S. flexneri is one of the predominant causative agents of bacillary dysentery in the developing world. A number of animal models have been used in the past to study the pathogenesis process of S. flexneri. However, these animal models have a number of drawbacks; the most important being that most of these animal models utilize mucosal surfaces rather than the colon as the site of infection, questioning their clinical relevance and the ethical and cost implications.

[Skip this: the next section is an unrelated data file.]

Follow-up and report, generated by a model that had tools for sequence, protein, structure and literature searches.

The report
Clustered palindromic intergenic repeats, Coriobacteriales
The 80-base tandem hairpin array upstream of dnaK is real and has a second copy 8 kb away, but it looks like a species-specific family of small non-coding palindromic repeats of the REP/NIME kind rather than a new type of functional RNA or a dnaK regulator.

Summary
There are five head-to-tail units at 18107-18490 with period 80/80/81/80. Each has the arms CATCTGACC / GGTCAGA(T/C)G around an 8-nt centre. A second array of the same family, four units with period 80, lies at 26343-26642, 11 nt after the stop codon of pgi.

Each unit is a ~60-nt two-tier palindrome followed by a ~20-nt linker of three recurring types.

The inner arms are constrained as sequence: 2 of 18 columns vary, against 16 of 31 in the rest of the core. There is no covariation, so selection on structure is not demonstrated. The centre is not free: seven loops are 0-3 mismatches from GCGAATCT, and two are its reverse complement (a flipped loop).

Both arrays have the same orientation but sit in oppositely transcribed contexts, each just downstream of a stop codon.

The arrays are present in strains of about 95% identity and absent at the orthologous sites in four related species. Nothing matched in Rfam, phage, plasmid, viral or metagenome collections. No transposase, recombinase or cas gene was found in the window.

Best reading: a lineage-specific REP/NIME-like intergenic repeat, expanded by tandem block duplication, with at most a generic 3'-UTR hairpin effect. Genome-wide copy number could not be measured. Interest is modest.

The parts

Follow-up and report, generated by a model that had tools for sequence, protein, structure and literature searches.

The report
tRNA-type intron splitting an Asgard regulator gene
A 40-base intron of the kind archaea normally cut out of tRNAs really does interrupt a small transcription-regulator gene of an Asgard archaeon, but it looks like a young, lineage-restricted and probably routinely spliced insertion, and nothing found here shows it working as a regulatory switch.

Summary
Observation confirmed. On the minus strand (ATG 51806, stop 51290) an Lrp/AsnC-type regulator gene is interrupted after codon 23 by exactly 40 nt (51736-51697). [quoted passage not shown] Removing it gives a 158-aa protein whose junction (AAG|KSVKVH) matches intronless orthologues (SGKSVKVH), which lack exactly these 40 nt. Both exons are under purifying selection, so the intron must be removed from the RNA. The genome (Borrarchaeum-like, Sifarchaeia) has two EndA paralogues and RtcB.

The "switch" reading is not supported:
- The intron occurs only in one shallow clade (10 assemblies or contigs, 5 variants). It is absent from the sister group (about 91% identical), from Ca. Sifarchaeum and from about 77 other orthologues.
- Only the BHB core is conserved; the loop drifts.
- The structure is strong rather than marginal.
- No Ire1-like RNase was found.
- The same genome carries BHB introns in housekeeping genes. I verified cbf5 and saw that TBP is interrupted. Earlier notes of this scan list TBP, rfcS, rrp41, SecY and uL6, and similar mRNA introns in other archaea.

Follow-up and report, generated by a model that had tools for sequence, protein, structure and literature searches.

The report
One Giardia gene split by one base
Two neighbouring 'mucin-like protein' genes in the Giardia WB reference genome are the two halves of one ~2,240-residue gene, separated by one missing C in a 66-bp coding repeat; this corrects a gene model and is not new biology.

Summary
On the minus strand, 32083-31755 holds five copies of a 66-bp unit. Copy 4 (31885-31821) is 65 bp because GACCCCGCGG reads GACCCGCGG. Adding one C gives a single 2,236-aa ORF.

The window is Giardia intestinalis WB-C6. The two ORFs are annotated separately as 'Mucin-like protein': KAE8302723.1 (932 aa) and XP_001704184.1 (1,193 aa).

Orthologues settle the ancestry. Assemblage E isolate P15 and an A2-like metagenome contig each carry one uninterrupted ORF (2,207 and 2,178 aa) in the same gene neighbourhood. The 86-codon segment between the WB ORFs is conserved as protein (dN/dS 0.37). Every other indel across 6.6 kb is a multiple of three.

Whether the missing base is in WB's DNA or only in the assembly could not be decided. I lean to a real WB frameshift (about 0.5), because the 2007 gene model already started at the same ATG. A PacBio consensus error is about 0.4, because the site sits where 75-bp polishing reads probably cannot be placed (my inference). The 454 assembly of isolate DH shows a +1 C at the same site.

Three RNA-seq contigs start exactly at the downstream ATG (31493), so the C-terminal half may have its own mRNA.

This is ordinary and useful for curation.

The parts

My PhD project involves the use of the soil-dwelling roundworm C. elegans as a potential animal model to study the pathogenesis of S. flexneri. C. elegans was chosen as its intestinal cells share morphological similarities with human intestinal cells and its immune system shares many characteristics with the human innate immune system (suggesting that C. elegans may utilize similar response mechanisms to counter a bacterial infection as its human counterpart). Previous research done using C. elegans has shown that S. flexneri has a fatal impact on C. elegans. In order to identify the changes in molecular/biological functions that cause a Shigella infection detrimental to C. elegans, we carried out RNA-sequencing on the wild-type C. elegans strain that was exposed to S. flexneri for 6 hours. We were able to identify 6311 genes to be differentially expressed in C. elegans even within such a short time of exposure to the pathogenic bacterium. We were able to identify a number of genes involved in antioxidant defence, antimicrobial defence, iron homeostasis and autophagy within the differentially expressed genes. Using a number of knock-out and transgenic C. elegans strains and assays, I have been able to show the importance of these biological processes during the infection and develop a model that explains the pathogenesis of S. flexneri in C. elegans.